Windhoek — Cabinet has approved the new draft National Marine Pollution Contingency Plan (NMPCP) to better deal with marine pollution, not only from oil spills in Namibian waters but also from hazardous and noxious substances.
Namibia had to review its marine pollution preparedness and response system in order to make it more responsive to the prevailing risk scenarios and align it to international best practices.
This included completely revising the oil-focused National Oil Spill Contingency Plan of 2007 and renaming it the NMPCP, which makes provision for hazardous and noxious substances in line with the Protocol on Preparedness,
Response and Co-operation to Pollution Incidents by Hazardous and Noxious Substances of 2000.
NMPCP aims to promote a sustainable funding model, while recognising the need to develop and maintain a shared responsibility and the commitment of all stakeholders to provide effective marine pollution prevention, preparedness and response services in Namibia, the wider region and internationally.
Minister of Information and Communication Technology Tjekero Tweya, who made the announcement during a Cabinet briefing yesterday, said the new plan aims to ensure a clean marine environment.
"We're putting all this into motion. For those bringing oil spills, we will have all these necessary measures in place. We want to protect our sea. It's about the clean environment," Tweya stated.
Last year Prime Minister Saara Kuugongelwa-Amadhila announced that the old system is no longer sufficient, nor sustainable to effectively manage the fast-evolving risk profile, driven primarily by the growth and significance of the Port of Walvis Bay as a gateway to southern Africa.
She said one of the effects of government's deliberate efforts to position Namibia as a regional logistics hub is that, more than ever before, more and bigger ships are visiting the port to facilitate the country's imports and exports, as well that of neighbouring states.
In addition, she noted that Namibia is an attractive investment destination for offshore energy exploration and production, which are crucial to Namibia's future energy security and socio-economic development.
She noted though that, unfortunately, the above economic activities also mean that the risk of serious marine pollution, not only from oil spills, but also from hazardous and noxious substances is greater than before.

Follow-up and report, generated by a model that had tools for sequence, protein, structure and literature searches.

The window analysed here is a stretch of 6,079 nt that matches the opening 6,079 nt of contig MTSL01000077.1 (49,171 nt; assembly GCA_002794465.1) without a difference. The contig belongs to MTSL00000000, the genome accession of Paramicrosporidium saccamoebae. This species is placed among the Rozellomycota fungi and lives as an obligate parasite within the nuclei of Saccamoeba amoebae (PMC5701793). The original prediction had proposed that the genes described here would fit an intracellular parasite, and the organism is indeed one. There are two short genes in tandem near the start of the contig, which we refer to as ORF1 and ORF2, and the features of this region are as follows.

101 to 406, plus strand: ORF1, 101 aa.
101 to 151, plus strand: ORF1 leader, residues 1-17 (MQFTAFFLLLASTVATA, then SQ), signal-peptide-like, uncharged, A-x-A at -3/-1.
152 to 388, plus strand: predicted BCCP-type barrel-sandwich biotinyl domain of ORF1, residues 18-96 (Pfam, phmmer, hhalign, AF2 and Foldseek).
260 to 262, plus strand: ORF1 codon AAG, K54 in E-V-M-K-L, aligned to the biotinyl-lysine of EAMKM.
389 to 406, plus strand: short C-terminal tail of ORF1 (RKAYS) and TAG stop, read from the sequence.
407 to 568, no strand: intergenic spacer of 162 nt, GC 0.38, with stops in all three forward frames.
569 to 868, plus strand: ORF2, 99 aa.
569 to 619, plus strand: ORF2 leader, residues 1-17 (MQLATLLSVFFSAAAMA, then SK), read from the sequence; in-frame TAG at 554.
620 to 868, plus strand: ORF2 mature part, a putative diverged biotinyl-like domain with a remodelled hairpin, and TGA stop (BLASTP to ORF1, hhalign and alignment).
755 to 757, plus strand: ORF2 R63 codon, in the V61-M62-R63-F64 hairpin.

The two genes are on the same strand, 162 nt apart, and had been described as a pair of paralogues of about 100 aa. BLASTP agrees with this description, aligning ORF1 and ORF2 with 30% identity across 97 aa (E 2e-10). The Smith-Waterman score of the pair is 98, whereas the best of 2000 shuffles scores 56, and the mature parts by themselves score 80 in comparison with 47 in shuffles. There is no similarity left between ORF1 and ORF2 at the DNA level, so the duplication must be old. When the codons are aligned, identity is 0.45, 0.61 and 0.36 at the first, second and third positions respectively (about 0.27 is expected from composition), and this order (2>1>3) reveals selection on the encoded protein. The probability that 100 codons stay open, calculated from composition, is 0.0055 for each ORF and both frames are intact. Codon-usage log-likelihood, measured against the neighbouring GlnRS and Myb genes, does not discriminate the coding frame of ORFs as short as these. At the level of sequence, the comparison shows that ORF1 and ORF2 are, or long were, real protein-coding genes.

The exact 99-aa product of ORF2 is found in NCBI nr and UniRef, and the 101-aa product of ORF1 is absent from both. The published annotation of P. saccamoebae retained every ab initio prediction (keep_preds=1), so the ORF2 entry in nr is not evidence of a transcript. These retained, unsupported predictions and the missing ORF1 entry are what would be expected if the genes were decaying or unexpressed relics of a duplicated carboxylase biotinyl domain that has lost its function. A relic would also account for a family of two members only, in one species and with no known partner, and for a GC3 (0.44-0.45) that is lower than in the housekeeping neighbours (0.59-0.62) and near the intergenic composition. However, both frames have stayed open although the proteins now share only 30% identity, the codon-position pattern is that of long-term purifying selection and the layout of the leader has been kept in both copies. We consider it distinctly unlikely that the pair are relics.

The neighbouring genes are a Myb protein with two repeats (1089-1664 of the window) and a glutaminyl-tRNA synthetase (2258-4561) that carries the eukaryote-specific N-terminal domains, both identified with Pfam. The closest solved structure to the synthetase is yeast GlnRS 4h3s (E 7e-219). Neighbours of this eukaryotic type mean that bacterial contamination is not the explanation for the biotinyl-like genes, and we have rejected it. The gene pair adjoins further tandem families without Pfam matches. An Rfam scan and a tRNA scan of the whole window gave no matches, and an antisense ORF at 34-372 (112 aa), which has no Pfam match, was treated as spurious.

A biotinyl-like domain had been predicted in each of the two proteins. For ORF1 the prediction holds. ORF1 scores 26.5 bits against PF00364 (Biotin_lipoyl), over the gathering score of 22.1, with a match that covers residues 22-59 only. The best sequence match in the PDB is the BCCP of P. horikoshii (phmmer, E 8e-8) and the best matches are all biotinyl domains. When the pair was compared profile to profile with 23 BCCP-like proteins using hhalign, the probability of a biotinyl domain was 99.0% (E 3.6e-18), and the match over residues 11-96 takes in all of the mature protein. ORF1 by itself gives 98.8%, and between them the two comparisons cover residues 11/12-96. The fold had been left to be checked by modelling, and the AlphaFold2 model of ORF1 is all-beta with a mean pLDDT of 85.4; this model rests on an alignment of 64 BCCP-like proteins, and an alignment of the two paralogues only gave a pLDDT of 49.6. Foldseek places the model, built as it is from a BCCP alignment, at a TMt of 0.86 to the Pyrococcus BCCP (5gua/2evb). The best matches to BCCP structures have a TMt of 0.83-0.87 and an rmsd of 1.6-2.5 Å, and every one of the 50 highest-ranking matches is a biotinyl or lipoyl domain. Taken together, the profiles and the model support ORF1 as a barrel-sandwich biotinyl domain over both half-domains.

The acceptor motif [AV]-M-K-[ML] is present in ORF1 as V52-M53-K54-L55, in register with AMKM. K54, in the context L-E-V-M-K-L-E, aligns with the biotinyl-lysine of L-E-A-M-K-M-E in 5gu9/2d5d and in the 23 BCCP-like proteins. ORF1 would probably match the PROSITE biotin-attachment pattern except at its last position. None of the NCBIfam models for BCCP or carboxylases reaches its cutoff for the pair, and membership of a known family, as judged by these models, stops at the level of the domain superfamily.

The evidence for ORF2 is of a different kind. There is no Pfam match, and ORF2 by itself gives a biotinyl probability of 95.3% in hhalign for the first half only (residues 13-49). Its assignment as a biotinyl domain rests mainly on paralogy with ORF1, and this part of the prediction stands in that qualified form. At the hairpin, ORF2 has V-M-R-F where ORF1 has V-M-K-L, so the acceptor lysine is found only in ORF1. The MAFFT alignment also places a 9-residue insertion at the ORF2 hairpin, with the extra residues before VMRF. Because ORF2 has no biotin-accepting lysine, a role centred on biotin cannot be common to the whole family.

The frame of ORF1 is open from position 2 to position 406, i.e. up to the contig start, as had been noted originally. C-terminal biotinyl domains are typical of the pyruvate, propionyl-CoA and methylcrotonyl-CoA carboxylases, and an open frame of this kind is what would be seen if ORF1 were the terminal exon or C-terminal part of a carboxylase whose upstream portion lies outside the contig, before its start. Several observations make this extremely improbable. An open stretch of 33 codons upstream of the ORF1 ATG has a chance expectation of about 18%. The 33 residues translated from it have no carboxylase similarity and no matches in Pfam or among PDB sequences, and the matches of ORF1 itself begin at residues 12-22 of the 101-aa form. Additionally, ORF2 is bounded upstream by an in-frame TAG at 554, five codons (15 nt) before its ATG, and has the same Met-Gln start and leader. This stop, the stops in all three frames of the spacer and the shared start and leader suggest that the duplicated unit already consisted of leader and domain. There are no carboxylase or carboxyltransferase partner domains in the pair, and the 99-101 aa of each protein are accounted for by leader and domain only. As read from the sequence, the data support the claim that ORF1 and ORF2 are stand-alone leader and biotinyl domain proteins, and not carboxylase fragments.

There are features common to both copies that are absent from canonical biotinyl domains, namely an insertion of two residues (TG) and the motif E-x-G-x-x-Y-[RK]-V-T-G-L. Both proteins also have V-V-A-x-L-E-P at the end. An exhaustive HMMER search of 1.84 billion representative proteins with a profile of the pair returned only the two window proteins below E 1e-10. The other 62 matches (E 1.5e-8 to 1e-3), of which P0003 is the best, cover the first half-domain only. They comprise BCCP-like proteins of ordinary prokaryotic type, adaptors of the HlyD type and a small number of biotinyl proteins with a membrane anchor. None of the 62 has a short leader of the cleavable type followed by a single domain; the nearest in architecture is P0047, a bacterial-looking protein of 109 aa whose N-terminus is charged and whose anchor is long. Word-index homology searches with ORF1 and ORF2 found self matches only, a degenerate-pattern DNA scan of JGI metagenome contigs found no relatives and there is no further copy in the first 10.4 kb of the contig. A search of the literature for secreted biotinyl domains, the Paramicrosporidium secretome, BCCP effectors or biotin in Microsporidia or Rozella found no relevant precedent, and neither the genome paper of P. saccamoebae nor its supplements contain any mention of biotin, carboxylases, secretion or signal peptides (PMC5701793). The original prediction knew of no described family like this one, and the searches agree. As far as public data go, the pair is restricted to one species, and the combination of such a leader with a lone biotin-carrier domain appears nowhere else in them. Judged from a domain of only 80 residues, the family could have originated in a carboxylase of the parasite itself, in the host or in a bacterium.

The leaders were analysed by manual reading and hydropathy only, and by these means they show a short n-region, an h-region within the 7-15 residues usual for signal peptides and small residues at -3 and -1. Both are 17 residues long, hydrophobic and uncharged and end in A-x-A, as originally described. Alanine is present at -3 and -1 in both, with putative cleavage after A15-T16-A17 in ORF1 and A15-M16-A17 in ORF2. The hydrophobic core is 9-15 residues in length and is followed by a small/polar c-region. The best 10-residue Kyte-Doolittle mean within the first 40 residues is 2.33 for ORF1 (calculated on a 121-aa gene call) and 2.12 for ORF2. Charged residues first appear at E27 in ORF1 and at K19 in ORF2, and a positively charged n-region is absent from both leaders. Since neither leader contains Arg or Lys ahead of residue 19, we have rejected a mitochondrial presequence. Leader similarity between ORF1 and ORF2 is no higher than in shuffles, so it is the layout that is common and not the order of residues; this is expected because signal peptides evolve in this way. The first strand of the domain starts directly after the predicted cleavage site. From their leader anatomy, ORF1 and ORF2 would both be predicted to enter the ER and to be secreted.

This threatens Namibia's marine resources and the coastline, which in its entirety is classified as a national park and is endowed with biodiversity and natural resources.
Namibia's first National Oil Spill Contingency Plan was approved by Cabinet 10 years ago, giving effect to Namibia's obligations under the United Nations Convention on the Law of the Sea of 1982 and the International Convention on Oil Pollution Preparedness, Response and Cooperation of 1990.
The old plan provided for a coordinated and integrated national system for dealing with oil spills in Namibian waters and was characterised by willing and effective cooperation between government and the private sector.
The prime minister urged all stakeholders involved in marine pollution management to use the renewed strategic focus provided by this new national plan to reinforce the entire system at ship, port, local, regional and national levels.
The national plan aim to minimise the impact of marine pollution from vessels, maritime facilities and oil and chemical terminals, as well as offshore petroleum facilities upon the Namibian people, environment, economy and infrastructure.
In responding to marine pollution incidents, Namibia will adopt the Incident Management System (IMS), which was designed to be adaptable to the individual circumstances of the incident and the particular agencies involved.